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Judge open science by its outcomes, not its outputs

Image: Dmytro_Ostapenko, via Getty Images

Counting publications does not build equity, integrity and value, say Ismael Rafols and Louise Bezuidenhout

Following a flurry of policies to foster open science, we are seeing a wave of efforts to monitor its development. There is even a monitor for monitoring: the French Open Science Monitoring Initiative. This gathers information from different countries and institutions, as well as proposing general principles for monitoring open science–also the subject of a recently launched Unesco consultation.

So far, monitoring has focused on tracking uptake of open-science policies and outputs, particularly publications and data. But this is like trying to understand fungi by counting mushrooms: it misses what’s going on beneath the surface, the network of activity and interaction that underpins the visible result.

Open science is not just about changing the practices of research, but also its motivations and values. It encompasses much besides publishing, from public engagement to evaluation. Focusing on what is easy to count means neglecting these activities that foster equity and share benefits with society.

Beyond missing important aspects of open science, narrowly focused monitoring can have damaging unintended consequences.

Perverse incentives

For example, more open access publications might seem like progress, as it means that more information is freely accessible. However, if openness depends on pay-to-publish models, this creates inequality, as researchers who cannot afford publication charges become less visible. It may also lead to unscrupulous publishers weakening reviewing processes to increase economic gains.

These effects weigh more heavily on researchers in marginalised scholarly communities and places, meaning that output-centred monitoring both undermines the values of open science and weakens poorer research systems. More generally, it reinforces a publish-or-perish system focused on quantity, instead of supporting slow and thoughtful knowledge creation for meaningful purposes—the deeper transformation needed to connect science and society. Lay readers should not have to sort through an ever-growing jungle of research outputs.

Similar problems afflict data sharing: there is little evidence of meaningful reuse of datasets on a large scale, outside of a few disciplines such as genomics; issues of quality control are poorly understood; and storage and long-term curation remain problematic. So, unless open data is intended solely as fodder for artificial intelligence models, counting datasets does not lead to meaningful insights.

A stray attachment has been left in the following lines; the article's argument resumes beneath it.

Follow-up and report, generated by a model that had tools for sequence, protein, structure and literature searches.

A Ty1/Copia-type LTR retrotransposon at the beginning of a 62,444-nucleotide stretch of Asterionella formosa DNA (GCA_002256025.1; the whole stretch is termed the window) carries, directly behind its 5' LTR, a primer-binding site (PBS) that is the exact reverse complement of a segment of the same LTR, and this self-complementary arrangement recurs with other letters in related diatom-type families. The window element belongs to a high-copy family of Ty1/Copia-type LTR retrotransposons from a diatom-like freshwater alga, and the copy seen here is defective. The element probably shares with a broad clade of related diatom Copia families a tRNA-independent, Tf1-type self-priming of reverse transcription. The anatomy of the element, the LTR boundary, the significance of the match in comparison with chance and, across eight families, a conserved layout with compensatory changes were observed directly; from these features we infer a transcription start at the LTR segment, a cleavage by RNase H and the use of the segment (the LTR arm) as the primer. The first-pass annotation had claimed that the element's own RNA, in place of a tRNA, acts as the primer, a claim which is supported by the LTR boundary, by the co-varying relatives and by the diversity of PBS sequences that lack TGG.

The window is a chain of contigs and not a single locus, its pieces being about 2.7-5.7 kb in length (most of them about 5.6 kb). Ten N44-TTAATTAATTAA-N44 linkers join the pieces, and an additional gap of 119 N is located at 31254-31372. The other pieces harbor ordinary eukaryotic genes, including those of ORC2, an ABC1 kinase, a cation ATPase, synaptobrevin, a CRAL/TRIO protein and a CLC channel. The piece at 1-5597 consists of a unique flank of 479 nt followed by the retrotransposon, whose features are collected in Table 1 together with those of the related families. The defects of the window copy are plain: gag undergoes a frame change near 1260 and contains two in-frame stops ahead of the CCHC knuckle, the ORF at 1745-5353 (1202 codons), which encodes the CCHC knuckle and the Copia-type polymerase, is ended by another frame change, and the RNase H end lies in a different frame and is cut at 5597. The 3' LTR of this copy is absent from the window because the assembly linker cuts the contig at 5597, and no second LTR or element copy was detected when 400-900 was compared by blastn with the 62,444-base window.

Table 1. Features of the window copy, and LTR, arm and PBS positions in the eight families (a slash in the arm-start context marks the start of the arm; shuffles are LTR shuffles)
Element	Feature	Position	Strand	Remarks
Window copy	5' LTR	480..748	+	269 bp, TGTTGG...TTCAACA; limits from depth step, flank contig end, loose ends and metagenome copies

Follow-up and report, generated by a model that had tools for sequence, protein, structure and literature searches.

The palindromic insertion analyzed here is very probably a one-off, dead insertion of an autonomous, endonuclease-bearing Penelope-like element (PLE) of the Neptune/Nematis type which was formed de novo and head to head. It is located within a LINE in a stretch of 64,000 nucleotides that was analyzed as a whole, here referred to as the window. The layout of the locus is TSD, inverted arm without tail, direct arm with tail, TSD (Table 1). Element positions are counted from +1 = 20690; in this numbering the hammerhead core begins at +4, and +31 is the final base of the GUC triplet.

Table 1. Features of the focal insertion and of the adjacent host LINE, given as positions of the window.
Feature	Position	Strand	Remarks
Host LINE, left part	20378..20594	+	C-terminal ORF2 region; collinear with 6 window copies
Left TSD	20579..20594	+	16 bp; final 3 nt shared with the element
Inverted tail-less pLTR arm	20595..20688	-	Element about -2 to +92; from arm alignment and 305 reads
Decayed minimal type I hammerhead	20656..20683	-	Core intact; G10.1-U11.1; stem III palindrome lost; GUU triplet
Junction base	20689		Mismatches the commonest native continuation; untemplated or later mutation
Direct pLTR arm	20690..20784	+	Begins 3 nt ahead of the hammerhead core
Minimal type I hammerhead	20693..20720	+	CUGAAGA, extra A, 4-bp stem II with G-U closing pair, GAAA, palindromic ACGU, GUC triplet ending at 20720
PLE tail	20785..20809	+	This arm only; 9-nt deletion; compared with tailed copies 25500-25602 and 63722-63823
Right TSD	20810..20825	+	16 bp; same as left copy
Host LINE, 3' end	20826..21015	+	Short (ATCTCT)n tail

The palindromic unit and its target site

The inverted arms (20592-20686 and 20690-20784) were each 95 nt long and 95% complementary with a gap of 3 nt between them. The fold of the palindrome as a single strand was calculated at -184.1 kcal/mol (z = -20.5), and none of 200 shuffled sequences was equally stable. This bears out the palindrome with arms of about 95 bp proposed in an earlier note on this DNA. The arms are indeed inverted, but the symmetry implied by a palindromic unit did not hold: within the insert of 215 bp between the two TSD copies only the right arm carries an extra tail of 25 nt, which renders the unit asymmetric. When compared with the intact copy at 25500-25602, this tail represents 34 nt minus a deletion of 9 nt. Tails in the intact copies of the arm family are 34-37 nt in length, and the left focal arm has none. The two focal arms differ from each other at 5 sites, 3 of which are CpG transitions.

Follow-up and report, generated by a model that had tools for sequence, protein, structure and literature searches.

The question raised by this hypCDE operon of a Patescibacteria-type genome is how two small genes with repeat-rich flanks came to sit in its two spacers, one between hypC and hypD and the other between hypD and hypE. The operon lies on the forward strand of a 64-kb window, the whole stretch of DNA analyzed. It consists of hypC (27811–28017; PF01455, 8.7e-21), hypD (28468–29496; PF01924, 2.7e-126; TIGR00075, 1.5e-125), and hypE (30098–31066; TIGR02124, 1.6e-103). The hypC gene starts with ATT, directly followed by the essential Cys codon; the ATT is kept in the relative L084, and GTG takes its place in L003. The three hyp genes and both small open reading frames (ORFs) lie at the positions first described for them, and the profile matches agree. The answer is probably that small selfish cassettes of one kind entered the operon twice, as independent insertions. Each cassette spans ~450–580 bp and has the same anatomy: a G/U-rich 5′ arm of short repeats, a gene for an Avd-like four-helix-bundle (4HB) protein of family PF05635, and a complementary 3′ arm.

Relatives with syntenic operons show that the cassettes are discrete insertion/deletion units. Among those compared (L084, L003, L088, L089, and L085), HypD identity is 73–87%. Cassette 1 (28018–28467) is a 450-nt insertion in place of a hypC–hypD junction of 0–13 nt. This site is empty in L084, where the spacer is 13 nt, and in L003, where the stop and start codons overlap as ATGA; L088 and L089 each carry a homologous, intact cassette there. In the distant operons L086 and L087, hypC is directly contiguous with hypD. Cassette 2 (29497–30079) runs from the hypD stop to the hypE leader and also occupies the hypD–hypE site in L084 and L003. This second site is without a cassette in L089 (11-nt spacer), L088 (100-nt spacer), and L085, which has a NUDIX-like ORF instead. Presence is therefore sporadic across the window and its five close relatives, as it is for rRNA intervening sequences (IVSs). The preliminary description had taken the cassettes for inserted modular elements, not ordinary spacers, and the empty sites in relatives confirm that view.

Current monitoring efforts can be useful, but their narrowness may result in engagement activities and the uses and benefits of open science being overlooked. Deeper efforts that embrace context and values are needed for open science to live up to its promises of fostering research that makes the world a better place.

Learning from history

For this, first, indicators need to specify their particular route to open science. For example, each form of open access publishing needs its own indicator, since each has different normative implications. Gold, diamond and green open access should not be aggregated in a single measure.

Second, ending monitoring at the point of creation or engagement says nothing about their effects, the outcomes: it is important to track the effects of open science policies, thinking about who bears the costs and who reaps the benefits.

One way to conceive of open science is as a system of connections. This foregrounds its relational aspects, highlighting the centrality of collaboration and co-creation, and the aim of building responsive and responsible global research communities. The Unesco Open Science Outlook published in 2023 calls for “a focus on the people who are doing, engaging with and/or benefiting from science”.

History holds lessons for how to monitor such processes. The OECD Frascati Manual, devised in 1963, sets out measures of science, technology and innovation based on tracking inputs and outputs. Yet this approach failed to capture the processes, drivers and outcomes of innovation, so in 1992 the OECD launched a complementary approach, the Oslo Manual, based on surveying companies.

Mapping connections

Similarly, for open science, monitoring needs to show the connections between researchers and stakeholders, along with behavioural changes and underlying motivations. Surveys are the main method for capturing this type of information.

Open science monitoring, in other words, needs a pluralistic approach, possibly based on surveys and narratives, that links practices to value-driven outcomes. Such a shift would be in line with the movement in research assessment away from journal impact factors and citations towards narrative accounts of impact.

If open science is a systemic transformation of the research system, including its values, its monitoring needs strategies to match. If open science is about more than just producing accessible and reproducible research, but rather about effecting meaningful change in science, we need strategies to track the contribution towards collective benefits, integrity and equity in science.

Ismael Rafols is Unesco chair on diversity and inclusion in global science at Leiden University, and Louise Bezuidenhout is senior researcher at the Centre for Science and Technology Studies, Leiden University. The centre is hosting webinars to discuss monitoring open science on 21 June (14:00 CET) and 28 June (15:00 CET).

A version of this article also appeared in Research Europe